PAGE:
|Jude Law in HBO's The Young Pope.|
As a product of Catholic education, I’m always curious to see what the world of art and entertainment makes of the Church, and of religious belief in general. The Catholic Church has always drawn its fair share of unflattering depictions, from the hysterics of Protestant Americans worried about waves of Irish immigration in the 19th century to the pulp conspiracy novels of Dan Brown. HBO’s new series, The Young Pope, which was written and directed entirely by creator Paolo Sorrentino (The Great Beauty, Youth) and stars Jude Law in the title role, goes for a much more surreal approach. Judging from the pilot, that’s not necessarily much of an improvement on some of the other, more outlandish takes on the Vatican.
The Young Pope received a wave of advance publicity from some of the weirder corners of the Internet when it became the subject of a series of memes, most of which subjected its apparent premise to faint ridicule. On the surface, it’s a straightforward enough fantasy: what would happen to the Catholic Church if and when a younger pope – and an American to boot! – succeeded to the papal throne? Law plays Lenny Belardo, an orphaned boy who’s taken in by a nun (Diane Keaton) and rises to head the Vatican. While there’s not much in terms of plot in the pilot episode, the basic framework of a traditional drama is there: a controversial figure gains power, but the degree to which rival factions are willing to let him exercise it remains in question. Once the pilot premiered, some Internet wags commented on the show’s fundamental similarities to House of Cards (hence the title of this review).
If The Young Pope really were a straight-ahead political thriller set in a novel milieu, that might make it interesting enough. However, Sorrentino seems to have something else in mind; the problem is that it’s not entirely clear what that something is. The show veers wildly in tone, jumping from icy, artfully composed scenes loaded down with portentousness to occasionally effective deadpan comedy. It’s also surreal in style: the opening shot of the pilot features Law crawling out of a pile of babies for some reason. I have no idea what to make of that shot, and it points to a problem with The Young Pope: unlike a master surrealist such as David Lynch, Sorrentino doesn’t really use the weirdness to establish or deepen tone, but seemingly rather to add artsy touches to a show that, at its core, is much more banal than he’d like to think. At one point early on in the pilot, Belardo navigates a room full of nuns and cardinals, who stare at him with ambiguous, vaguely menacing looks as he makes his way to the balcony of St. Peter’s to deliver his inaugural address. They’re beautifully arranged, conspicuously so, and we regard them through Belardo’s eyes, but the scene still has a clinical chilliness to it, a remove that kept me from being able to relate to anything that I was seeing onscreen.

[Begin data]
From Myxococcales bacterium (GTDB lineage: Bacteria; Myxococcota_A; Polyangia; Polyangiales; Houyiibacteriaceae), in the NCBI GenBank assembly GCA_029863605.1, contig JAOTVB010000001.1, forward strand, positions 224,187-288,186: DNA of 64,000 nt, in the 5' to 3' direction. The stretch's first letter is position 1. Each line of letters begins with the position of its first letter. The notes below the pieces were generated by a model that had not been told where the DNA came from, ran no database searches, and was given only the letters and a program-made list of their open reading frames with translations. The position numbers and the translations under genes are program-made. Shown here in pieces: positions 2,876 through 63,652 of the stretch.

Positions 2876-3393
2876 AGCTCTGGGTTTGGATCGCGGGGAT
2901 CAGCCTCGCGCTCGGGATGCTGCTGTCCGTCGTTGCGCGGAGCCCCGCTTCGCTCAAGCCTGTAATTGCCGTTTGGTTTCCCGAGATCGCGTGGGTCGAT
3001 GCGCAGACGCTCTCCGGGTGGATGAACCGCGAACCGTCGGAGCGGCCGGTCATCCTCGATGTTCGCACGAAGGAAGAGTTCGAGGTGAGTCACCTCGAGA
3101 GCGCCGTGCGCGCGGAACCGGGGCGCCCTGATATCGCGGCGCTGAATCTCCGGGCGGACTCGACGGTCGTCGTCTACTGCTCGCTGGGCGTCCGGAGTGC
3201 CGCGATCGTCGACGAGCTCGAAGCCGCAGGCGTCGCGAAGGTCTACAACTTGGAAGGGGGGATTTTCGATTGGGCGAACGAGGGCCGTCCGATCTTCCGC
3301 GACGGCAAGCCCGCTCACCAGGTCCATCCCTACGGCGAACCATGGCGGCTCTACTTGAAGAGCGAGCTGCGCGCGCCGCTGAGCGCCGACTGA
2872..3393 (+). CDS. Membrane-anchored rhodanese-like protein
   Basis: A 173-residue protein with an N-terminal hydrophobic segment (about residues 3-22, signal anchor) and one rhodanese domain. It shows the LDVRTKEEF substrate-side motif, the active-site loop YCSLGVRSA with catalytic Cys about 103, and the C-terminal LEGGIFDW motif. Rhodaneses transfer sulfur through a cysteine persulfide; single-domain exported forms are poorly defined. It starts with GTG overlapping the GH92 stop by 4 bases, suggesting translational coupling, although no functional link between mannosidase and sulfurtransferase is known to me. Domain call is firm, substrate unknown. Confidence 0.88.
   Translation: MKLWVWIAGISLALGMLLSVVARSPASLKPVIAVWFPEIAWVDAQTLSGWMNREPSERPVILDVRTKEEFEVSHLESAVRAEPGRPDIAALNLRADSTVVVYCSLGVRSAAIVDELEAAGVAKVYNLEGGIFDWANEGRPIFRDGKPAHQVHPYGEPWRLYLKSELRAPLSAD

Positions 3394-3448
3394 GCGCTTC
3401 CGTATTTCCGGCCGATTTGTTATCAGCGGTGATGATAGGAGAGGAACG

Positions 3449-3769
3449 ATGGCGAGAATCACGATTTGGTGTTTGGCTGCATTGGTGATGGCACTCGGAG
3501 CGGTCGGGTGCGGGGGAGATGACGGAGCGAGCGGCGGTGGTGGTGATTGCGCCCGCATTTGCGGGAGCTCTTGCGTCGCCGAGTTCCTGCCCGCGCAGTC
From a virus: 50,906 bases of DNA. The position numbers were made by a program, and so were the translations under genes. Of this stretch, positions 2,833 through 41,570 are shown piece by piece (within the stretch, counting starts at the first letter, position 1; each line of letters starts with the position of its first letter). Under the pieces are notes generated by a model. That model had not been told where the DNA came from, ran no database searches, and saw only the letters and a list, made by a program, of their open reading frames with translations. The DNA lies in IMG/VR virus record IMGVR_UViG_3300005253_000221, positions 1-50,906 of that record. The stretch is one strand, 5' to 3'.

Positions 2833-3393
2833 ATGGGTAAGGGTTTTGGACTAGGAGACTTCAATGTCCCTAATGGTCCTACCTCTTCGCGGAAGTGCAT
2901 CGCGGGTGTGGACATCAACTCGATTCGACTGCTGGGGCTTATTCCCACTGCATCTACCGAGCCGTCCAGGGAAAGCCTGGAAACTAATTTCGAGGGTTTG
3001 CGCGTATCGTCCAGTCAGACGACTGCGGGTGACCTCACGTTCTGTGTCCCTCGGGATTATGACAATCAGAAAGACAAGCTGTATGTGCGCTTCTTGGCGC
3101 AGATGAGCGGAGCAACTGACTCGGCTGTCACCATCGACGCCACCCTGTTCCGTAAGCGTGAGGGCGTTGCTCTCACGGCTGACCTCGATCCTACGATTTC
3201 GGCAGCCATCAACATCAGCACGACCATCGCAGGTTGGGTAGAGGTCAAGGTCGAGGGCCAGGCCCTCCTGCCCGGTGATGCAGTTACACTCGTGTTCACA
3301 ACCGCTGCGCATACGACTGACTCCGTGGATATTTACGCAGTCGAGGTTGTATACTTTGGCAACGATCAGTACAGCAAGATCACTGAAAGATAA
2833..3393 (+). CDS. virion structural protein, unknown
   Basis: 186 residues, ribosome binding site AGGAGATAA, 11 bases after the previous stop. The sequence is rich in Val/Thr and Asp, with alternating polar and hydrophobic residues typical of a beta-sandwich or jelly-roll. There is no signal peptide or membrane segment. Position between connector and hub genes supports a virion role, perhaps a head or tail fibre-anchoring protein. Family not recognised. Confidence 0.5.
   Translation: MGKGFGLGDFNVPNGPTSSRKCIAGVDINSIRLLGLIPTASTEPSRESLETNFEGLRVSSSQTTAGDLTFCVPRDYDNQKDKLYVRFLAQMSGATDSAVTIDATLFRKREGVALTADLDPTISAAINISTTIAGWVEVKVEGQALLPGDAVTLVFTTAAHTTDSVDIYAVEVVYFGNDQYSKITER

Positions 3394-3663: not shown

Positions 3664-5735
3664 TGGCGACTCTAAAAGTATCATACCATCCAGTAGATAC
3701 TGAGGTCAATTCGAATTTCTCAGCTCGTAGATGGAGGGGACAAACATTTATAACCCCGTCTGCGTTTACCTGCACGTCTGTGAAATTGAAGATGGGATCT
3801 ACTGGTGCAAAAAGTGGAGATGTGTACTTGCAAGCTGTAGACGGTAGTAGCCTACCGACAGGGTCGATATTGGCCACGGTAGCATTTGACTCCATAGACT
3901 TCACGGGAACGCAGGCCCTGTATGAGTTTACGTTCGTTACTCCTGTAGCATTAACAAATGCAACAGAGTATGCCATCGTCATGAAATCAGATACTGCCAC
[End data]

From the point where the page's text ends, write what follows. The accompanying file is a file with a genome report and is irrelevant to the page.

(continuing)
|Jude Law & Diane Keaton The Young Pope. (Photo courtesy of HBO)|
Sorrentino also enhances that sense of alienation from the show’s events by making the title character deeply unpleasant. There’s little about Belardo that gives us a point of connection to him: he’s cold and distant, except when he turns on the nastiness to chew out a nun who’s overly familiar with him, or to humiliate a cardinal who thinks that his seniority will allow him to become the power behind the throne. House of Cards at least aims to make its anti-hero, Frank Underwood, sympathetic by having him address the audience directly, turning him into a sort of Richard III lite. By contrast, Belardo’s motives are obscure.
The same goes for the plot of the show, as well as the stakes underpinning that plot. There’s a hushed conversation among a group of cardinals early in the pilot that gives us the basic exposition behind Belardo’s (utterly unconvincing, both dramatically and realistically) elevation, but Sorrentino doesn’t do enough to sketch out the world of his fictionalized Vatican, or to convince us that it’s worth caring about. It also doesn’t help that the dialogue sometimes strays into cliché; at one point, Law delivers the line “There’s a new pope now.” If it’s meant to be ironic, I couldn’t detect it. Law is certainly in sync with Sorrentino’s vision, making his character icy, remote, and impossible to read or sympathize with. Keaton acquits herself better, although she doesn’t have as much to do in the initial episode.
The world of faith remains to a large degree terra incognita to much of television and, at least more recently, mainstream film. It’s disappointing that The Young Pope seems more concerned with political machinations and stylish poses than with seriously exploring deeper questions surrounding religious belief and how we balance our worldly and spiritual obligations.
Michael Lueger teaches theatre classes at Northeastern University and Emerson College. He's written for WBUR's Cognoscentipage and HowlRound. He also tweets about theatre history at @theaterhistory.